China’s Foreign Ministry described outgoing U.S. Secretary of State Mike Pompeo on Wednesday as a “doomsday clown” and said his designation of China as a perpetrator of genocide and crimes against humanity was merely “a piece of wastepaper.”
The allegations of abuses against Muslim minority groups in China's Xinjiang region are “outright sensational pseudo-propositions and a malicious farce concocted by individual anti-China and anti-Communist forces represented by Pompeo,” spokesperson Hua Chunying told reporters at a daily briefing.
“In our view, Pompeo’s so-called designation is a piece of wastepaper. This American politician, who is notorious for lying and deceiving, is turning himself into a doomsday clown and joke of the century with his last madness and lies of the century," Hua said.
Pompeo’s announcement Tuesday doesn’t require any immediate actions, although the U.S. must take the designation into account in formulating policy toward China. China says its policies in Xinjiang aim only to promote economic growth and social stability.
The U.S. has previously spoken out and taken action on Xinjiang, implementing a range of sanctions against senior Chinese Communist Party leaders and state-run enterprises that fund repressive policies in the vast, resource-rich region. Last week, the Trump administration announced it would halt imports of cotton and tomatoes from Xinjiang, with Customs and Border Protection officials saying they would block products from there suspected of being produced with forced labor.
Many of the Chinese officials accused of having taken part in repression are already under U.S. sanctions. The “genocide” designation means new measures will be easier to impose.
Tuesday’s move is the latest in a series of steps the outgoing Trump administration has taken to ramp up pressure on China over issues from human rights and the coronavirus pandemic to Taiwan, Tibet, Hong Kong and the South China Sea. China has responded with its own sanctions and tough rhetoric.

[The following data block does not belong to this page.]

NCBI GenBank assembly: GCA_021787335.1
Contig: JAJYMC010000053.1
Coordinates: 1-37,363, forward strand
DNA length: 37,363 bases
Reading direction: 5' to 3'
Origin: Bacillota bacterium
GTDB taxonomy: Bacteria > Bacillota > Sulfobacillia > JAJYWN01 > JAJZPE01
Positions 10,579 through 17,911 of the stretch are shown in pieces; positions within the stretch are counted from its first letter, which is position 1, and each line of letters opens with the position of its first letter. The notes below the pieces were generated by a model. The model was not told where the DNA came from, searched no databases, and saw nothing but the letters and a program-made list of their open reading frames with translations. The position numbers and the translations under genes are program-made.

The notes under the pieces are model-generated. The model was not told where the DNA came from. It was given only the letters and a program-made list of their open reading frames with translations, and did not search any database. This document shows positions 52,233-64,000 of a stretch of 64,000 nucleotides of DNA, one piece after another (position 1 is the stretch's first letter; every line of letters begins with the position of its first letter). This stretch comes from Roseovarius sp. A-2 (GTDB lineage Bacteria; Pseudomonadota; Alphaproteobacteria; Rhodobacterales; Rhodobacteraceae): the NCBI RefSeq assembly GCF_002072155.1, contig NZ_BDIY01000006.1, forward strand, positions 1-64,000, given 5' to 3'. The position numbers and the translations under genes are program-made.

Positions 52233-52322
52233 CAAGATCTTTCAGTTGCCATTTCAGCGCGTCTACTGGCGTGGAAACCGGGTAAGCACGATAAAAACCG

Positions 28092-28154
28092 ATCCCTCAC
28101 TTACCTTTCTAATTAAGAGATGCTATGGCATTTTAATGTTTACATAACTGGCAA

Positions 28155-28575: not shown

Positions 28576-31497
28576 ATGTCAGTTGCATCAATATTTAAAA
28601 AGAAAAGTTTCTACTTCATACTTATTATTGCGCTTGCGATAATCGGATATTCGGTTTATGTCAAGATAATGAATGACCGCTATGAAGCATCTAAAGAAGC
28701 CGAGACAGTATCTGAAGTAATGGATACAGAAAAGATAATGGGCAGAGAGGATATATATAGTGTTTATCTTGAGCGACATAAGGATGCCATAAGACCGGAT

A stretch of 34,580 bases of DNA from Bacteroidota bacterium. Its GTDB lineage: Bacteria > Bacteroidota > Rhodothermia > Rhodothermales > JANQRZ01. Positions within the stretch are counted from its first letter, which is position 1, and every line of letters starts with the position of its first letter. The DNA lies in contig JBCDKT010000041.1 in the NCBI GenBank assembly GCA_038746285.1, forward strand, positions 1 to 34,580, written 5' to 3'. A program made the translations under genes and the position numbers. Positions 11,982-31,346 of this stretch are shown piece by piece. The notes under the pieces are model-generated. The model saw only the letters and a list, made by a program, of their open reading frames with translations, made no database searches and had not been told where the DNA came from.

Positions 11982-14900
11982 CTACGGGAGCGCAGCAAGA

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China has imprisoned more than 1 million people, including Uighurs and other mostly Muslim ethnic groups, in a vast network of prison-like political indoctrination camps, according to U.S. officials and human rights groups. People have been subjected to torture, sterilization and political indoctrination in addition to forced labor as part of an assimilation campaign in a region whose inhabitants are ethnically and culturally distinct from the Han Chinese majority.
The Associated Press reported on widespread forced birth control among the Uighurs last year, including the mass sterilization of Muslim women, even while family planning restrictions are loosened on members of China's dominant Han ethnic group.
China has denied all the charges, but Uighur forced labor has been linked by reporting by the AP to various products imported to the U.S., including clothing and electronic goods such as cameras and computer monitors.
James Leibold, a specialist in Chinese ethnic policy at La Trobe in Melbourne, Australia, said international pressure appears to have had some effect on Chinese policies in Xinjiang, particularly in prompting the government to release information about the camps and possibly reducing mass detentions.
“So hopefully we’ll see a continued continuity with regards to the new (Joe Biden) administration on holding China to account," Leibold said in an interview.
“And hopefully the Biden administration can bring its allies along to continue to put pressure on the Chinese government," he said.
Associated Press journalist Dake Kang contributed to this report.